There’s a reference to “Star Trek” in “Billy Elliot The Musical,” which I saw on Broadway with my daughter and some other student/parent pairings from Pace University. You can tell the “geeks” in the crowd because they often seize this opportunity to flash the “Vulcan salute” Leonard Nimoy devised during the late 1960s during his “Mr. Spock” gig.
“Geeks,” by the way, is the self-identifier used by folks who enjoy all things comic book, sci fi, anime and such. Once considered a put-down, the word now brings a sense of pride to those who carry it. I should know, I’m a “geek mom.” We put Abby Lee’s “Dance Moms” to shame.
There were several items on my “must see” list for my first full day in NYC this time around. First, waiting in line hoping for “standing room only” tickets to “The Book of Mormon” — no luck there. Then time on Park Place — home to an Amish Market, Muslim community center and Anne Frank Center. And finally, several hours at New York Comic Con.
My interest in New York Comic Con originally derived from my daughter’s fascination with geek culture. But after visiting the Anne Frank Center, and learning from their education director that a newly published book tells Anne Frank’s story in graphic biography form, I realized for the first time that “comic books” can be just as significant as other forms of literature.
My first stop at New York Comic Con, which was held Thursday through Sunday at the Javits Center in NYC, was a large hall housing the “Artist Gallery” — where fans attending the pop culture convention could chat with the artists who create all sorts of comic book fare, even watching them in the act of drawing.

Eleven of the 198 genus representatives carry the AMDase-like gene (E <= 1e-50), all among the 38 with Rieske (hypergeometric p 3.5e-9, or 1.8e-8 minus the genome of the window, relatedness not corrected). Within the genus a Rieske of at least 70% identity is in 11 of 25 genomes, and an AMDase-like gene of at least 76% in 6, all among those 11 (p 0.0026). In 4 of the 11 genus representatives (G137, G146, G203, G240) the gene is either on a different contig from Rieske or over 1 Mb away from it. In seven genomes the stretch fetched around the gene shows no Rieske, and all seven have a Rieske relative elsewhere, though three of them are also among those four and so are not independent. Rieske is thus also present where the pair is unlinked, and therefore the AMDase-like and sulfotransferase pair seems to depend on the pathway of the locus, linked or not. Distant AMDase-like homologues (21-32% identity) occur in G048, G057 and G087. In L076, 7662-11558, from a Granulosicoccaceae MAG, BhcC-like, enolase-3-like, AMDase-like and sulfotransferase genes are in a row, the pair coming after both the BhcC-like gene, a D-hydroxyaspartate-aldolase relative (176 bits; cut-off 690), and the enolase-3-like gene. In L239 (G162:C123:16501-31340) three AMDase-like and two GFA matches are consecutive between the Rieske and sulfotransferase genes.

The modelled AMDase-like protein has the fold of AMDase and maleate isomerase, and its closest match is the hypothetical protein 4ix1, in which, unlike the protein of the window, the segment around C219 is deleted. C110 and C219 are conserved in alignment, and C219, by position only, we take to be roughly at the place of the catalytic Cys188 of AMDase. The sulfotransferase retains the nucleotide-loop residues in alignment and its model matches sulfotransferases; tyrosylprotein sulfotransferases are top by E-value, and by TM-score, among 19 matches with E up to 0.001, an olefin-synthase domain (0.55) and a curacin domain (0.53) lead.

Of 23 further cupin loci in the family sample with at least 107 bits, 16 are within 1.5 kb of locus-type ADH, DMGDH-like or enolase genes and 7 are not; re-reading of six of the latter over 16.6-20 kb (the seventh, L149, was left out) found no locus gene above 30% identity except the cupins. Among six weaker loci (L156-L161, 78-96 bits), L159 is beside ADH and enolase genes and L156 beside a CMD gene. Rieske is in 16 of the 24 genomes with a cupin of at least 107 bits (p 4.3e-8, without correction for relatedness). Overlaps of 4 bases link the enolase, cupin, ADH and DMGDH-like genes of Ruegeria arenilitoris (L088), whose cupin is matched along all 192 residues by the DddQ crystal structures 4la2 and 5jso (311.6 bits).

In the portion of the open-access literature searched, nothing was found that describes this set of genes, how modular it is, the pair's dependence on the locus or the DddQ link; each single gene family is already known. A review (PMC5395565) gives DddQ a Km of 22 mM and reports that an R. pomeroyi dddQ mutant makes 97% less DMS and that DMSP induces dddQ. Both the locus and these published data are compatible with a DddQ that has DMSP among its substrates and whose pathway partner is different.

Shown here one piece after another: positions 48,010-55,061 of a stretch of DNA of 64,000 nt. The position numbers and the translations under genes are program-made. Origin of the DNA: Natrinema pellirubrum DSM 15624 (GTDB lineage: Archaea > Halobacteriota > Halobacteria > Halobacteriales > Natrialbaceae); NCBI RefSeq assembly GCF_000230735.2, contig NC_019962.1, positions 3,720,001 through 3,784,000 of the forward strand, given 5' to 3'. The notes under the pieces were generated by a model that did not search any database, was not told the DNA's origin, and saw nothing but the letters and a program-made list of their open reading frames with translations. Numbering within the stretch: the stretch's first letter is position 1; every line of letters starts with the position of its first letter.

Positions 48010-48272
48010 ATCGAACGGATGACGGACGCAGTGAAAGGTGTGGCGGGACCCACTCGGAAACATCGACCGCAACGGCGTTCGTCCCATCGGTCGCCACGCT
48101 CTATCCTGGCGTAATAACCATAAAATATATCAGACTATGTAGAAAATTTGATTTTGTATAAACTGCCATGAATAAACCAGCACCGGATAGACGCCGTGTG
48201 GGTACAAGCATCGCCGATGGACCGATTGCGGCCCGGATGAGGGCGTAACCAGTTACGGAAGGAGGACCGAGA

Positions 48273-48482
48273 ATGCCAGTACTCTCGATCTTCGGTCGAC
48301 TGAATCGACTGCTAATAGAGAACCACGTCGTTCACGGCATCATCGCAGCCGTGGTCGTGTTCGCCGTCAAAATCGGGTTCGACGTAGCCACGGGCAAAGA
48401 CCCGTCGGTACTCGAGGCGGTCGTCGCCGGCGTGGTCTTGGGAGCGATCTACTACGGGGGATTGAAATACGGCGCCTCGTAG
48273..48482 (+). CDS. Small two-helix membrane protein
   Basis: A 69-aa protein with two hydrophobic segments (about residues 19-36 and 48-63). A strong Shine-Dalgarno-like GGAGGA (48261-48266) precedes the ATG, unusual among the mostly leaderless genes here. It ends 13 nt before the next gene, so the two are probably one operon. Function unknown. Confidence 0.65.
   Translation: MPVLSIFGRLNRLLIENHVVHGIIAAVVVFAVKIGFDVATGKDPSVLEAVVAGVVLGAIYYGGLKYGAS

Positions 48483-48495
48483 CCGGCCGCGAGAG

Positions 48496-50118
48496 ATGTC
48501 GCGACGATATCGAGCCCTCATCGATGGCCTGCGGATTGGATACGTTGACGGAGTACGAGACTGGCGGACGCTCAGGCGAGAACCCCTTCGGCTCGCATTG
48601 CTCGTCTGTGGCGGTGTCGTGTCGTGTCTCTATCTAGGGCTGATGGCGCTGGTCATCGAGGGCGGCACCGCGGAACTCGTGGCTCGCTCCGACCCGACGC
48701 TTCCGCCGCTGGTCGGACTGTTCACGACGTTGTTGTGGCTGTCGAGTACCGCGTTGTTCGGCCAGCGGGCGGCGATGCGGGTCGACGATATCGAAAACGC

I paused for the first time to consider the skill it takes to create such detailed works for a genre where the images must be every bit as powerful as the words.
The short slide show below shows some of the folks I met that afternoon, many of whom are quite talented. All struck me as sincerely devoted to their craft, something you just don’t find in every occupation.
Watch for a future post about my Comic Con adventures outside the Artists Gallery — where I explored anime, video games, books, toys and more — and even spent some time with a grouchy character from Sesame Street.
Note: Folks who missed NYCC this year can “save the date” for next year’s event — taking place Oct. 11-14, 2012 at the Javits Center.
Coming up: Exploring Anne Frank’s diary through the arts, Main Street meets 42nd Street